A Special Feature of Proceedings of the National Academy of Sciences finds that when government or nonprofit organizations encourage a community’s involvement in the managing of local environmental resources, the accountability of local leaders to the citizenry increases and the overexploitation of “common pool” natural resources such as forests and water decreases.
A new study co-authored by a researcher at the Johns Hopkins Carey Business School identified behavioral patterns associated with reluctance among some adults for taking the COVID-19 vaccine. The study, conducted among adults in China, suggests that information about the vaccination behaviors of people whom one personally knows can be more influential in changing the individual’s vaccine hesitancy than information about vaccine use among the general public.
Witnessing gun violence in real life or in fiction can have a mental toll on children. The effects, including using guns themselves, sometimes are seen many years later, according to a new University of Michigan study that tracked individuals during a 10-year span.
New research finds that employees feel comfortable speaking up in open forums, but managers prefer that employees speak truth to power in a closed-door discussion instead of in front of a group. The forthcoming study gives insight for both sides to productively address this dynamic.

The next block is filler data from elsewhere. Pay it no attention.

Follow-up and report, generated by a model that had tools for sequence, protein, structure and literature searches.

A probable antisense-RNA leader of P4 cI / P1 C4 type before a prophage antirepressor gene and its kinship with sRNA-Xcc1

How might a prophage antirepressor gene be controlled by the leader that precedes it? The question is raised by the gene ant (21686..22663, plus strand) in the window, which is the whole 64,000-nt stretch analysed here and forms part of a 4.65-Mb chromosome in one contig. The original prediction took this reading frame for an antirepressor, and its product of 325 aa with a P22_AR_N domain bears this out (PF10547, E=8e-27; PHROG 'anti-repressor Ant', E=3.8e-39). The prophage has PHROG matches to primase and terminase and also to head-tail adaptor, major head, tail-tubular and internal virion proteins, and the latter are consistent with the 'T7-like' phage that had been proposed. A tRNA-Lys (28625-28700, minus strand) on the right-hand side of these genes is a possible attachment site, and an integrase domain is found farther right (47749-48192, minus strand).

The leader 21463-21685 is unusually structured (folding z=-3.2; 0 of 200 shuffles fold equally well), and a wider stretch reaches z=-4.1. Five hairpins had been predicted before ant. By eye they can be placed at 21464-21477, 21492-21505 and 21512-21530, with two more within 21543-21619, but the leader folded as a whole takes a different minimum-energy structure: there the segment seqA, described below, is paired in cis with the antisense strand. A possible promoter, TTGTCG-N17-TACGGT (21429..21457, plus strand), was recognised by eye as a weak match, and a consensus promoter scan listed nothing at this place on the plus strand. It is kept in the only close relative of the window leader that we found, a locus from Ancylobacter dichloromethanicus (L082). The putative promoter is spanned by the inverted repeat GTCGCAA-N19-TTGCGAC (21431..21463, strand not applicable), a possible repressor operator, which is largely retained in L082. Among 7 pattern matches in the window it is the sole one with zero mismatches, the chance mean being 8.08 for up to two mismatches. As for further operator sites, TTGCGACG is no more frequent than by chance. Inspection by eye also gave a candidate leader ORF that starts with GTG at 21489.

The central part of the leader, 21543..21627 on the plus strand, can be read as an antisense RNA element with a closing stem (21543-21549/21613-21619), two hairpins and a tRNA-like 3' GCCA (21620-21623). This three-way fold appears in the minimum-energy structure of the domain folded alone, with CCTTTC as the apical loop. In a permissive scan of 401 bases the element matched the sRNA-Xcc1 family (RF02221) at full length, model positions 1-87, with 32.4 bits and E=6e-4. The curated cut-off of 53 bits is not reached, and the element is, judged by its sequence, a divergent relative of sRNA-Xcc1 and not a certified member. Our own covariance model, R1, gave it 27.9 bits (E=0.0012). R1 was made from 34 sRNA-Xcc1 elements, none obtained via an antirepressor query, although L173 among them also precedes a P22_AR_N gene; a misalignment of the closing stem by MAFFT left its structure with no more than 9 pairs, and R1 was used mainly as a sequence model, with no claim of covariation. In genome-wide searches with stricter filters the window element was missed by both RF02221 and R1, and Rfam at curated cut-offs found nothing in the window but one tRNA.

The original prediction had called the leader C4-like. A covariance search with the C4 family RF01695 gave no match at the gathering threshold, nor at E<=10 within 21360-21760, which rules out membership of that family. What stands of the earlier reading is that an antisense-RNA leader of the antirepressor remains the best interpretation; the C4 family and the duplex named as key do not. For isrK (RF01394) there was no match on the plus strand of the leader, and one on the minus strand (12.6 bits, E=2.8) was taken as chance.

Thousands of sociologists whose work provides insights on vital topics such as race and racism, white nationalism, critical race theory, impacts of the pandemic, and issues confronting Asian-Americans, will meet at the American Sociological Association’s Virtual Annual Meeting, August 6-10. Approximately 900 sessions featuring over 3,000 research papers are open to the press.
Students who identify as LGBTQ+ in Washington state school districts with conservative voting records reported experiencing more bullying than their peers in more politically liberal areas, according to a new study.
Rejection of adolescent female rats by their peers has long-term effects on alcohol-seeking behavior, according to a study in Alcoholism: Clinical and Experimental Research, and could provide a tool for studying alcohol relapse in humans. There is growing evidence from experimental studies that women who had adverse social experiences in childhood are more susceptible to alcohol relapse following abstinence. This is not observed in men, despite men having higher rates of alcohol dependence overall. Laboratory-bred rodents are important for studying the molecular and neurobiological underpinnings of addiction and alcohol dependence, but few animal studies have assessed the sex-dependent effects of adverse social experiences on later alcohol-seeking behavior. Recently, researchers in Germany have developed a rat model for adolescent peer rejection which has allowed them to study the long-term consequences of these experiences in adult male and female rats.
New evidence supports integrating strategies to promote increased physical activity as a key part of the action plan for achieving the United Nations Sustainable Development Goals, finds a new study led by researchers at the Brown School at Washington University in St. Louis.